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HIV AIDS - The Must Know Facts read

Feb 11 2021


1st December is observed across the globe as World AIDS day to increase the awareness about HIV/AIDS. Till date, there is neither a vaccine nor a cure for HIV. Awareness and knowledge remains our prime weapon against the disease for many myths and stereotypes revolving around the condition, are untrue. Here is a look at some facts that you must know about HIV.

HIV transmission

What CAN cause HIV infection?

HIV spreads when blood or body fluids get transmitted from an infected person to a non-infected person. The body fluids that can transmit HIV are blood, semen and pre-ejaculatory fluid, vaginal fluid and breast milk. Urine, saliva and tears have a minimal concentration of HIV and are not known to transmit the infection. Known modes of HIV transmission are:


  • Vaginal sex without a condom
  • Anal sex without a condom
  • Sharing needles and syringes, spoons, filters etc. used to inject drugs
  • Oral sex. The risk is much lower but the infection is possible.
  • From infected mother to baby
  • Contaminated tattoo needles or shaving instruments (though this is not a common mode)

Theoretically, blood transfusion, surgical procedures or receiving injections at a clinic can cause infection too but doesn’t because adequate precautions are taken in healthcare settings.

What does NOT cause infection?


  • Kissing or biting - the quantity of virus present in the saliva is usually insufficient to cause infection.
  • Hugging, shaking hands, working together, sharing cups and plates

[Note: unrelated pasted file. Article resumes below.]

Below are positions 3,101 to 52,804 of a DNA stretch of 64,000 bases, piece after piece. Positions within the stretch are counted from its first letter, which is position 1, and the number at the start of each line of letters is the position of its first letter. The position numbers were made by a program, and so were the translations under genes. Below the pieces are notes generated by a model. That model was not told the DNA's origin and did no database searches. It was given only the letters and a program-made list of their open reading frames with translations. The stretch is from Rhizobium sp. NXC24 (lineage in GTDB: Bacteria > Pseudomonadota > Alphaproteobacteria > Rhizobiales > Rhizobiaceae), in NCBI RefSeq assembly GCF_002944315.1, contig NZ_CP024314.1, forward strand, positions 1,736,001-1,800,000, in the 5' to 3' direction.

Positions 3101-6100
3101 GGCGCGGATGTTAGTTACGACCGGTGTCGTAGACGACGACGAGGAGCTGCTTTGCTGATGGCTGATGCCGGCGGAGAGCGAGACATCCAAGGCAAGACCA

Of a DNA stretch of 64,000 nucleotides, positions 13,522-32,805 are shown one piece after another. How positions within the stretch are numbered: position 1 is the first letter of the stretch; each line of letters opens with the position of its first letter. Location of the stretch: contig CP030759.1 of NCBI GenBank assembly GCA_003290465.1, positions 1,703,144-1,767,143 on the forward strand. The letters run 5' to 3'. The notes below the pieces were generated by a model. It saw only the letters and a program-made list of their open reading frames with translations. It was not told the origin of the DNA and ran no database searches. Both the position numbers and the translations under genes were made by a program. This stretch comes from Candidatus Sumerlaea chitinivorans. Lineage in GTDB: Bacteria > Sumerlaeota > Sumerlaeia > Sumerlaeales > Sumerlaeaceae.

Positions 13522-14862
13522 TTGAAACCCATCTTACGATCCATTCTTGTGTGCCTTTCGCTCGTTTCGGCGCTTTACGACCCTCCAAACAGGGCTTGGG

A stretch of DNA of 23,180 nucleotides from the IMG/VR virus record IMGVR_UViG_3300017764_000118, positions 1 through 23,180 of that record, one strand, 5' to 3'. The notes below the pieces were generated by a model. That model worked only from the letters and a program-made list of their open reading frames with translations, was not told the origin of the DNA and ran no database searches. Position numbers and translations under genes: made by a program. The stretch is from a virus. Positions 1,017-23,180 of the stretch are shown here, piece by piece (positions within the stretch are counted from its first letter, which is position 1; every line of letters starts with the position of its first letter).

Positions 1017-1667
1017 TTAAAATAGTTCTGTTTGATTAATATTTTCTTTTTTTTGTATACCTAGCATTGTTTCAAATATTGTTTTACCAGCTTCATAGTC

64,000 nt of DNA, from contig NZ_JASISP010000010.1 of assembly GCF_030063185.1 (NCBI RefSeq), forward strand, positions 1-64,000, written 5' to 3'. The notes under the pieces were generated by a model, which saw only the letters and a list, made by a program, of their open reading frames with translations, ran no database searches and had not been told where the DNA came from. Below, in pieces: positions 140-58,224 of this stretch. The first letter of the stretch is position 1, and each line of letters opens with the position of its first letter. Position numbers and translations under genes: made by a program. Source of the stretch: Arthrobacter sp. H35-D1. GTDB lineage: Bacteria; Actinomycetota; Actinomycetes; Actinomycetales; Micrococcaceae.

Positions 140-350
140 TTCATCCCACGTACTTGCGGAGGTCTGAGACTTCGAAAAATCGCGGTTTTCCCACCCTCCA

• Sitting next to an infected individual who is sneezing, coughing or spitting
  • Using swimming pools, toilet seats, showers used by an infected person
  • Playing sports together
  • Mosquito bites


HIV Testing

HIV testing is rapidly evolving. Here are some currently available HIV tests:


  1. Antibody Tests: Most commonly tests for HIV to check for antibodies to the virus. HIV ELISA is a widely available antibody test. Positive results are often followed up with a more detailed antibody test called Western Blot. Rapid Tests are also a type of antibody test. Their main advantage over other antibody tests is that they can produce quick results and do not require laboratory facilities. You can now get tested for HIV using a saliva sample and know your results within just 15-20 minutes using a rapid test. HIV Home Tests are available in some countries to check for antibodies to the virus. Home testing is not encouraged due to the lack of counseling before and after the test.

    How soon can antibody tests detect HIV? Antibody tests become positive much laters, sometime from six weeks to three months of infection. This is known as the “window period”. Hence, it is recommended that you get tested after three months of last exposure to a possible source of infection.
  2. P24 Antigen Tests: It’s a test that can detect the presence of an HIV protein called P24. Soon after contracting HIV infection, P24 can be detected in the blood but becomes gradually undetectable as the HIV antibody level rises. P24 antigen tests are not usually used for diagnostic purposes.
  3. Fourth Generation Tests: These tests combine P24 antigen tests with standard antibody tests to reduce the ‘diagnostic window’. Since these tests are quick to detect the virus, the treatment process can also begin right away.


Should I Get Tested?

If you answer yes to any of the questions below, you should definitely get tested.


  1. Have you had unprotected sex with someone whose history of sex partners and/or drug use is unknown to you?
  2. Have you had unprotected sex with men who have sex with men, multiple partners, or anonymous partners recently?
  3. Have you shared needles to inject recreational drugs or steroids or to pierce your skin or recently got tattoos?
  4. Have you had a blood transfusion before April 1985 (before the routine screening of blood for HIV started)?
  5. Have you had unprotected sex with someone who could answer yes to any of the above questions?



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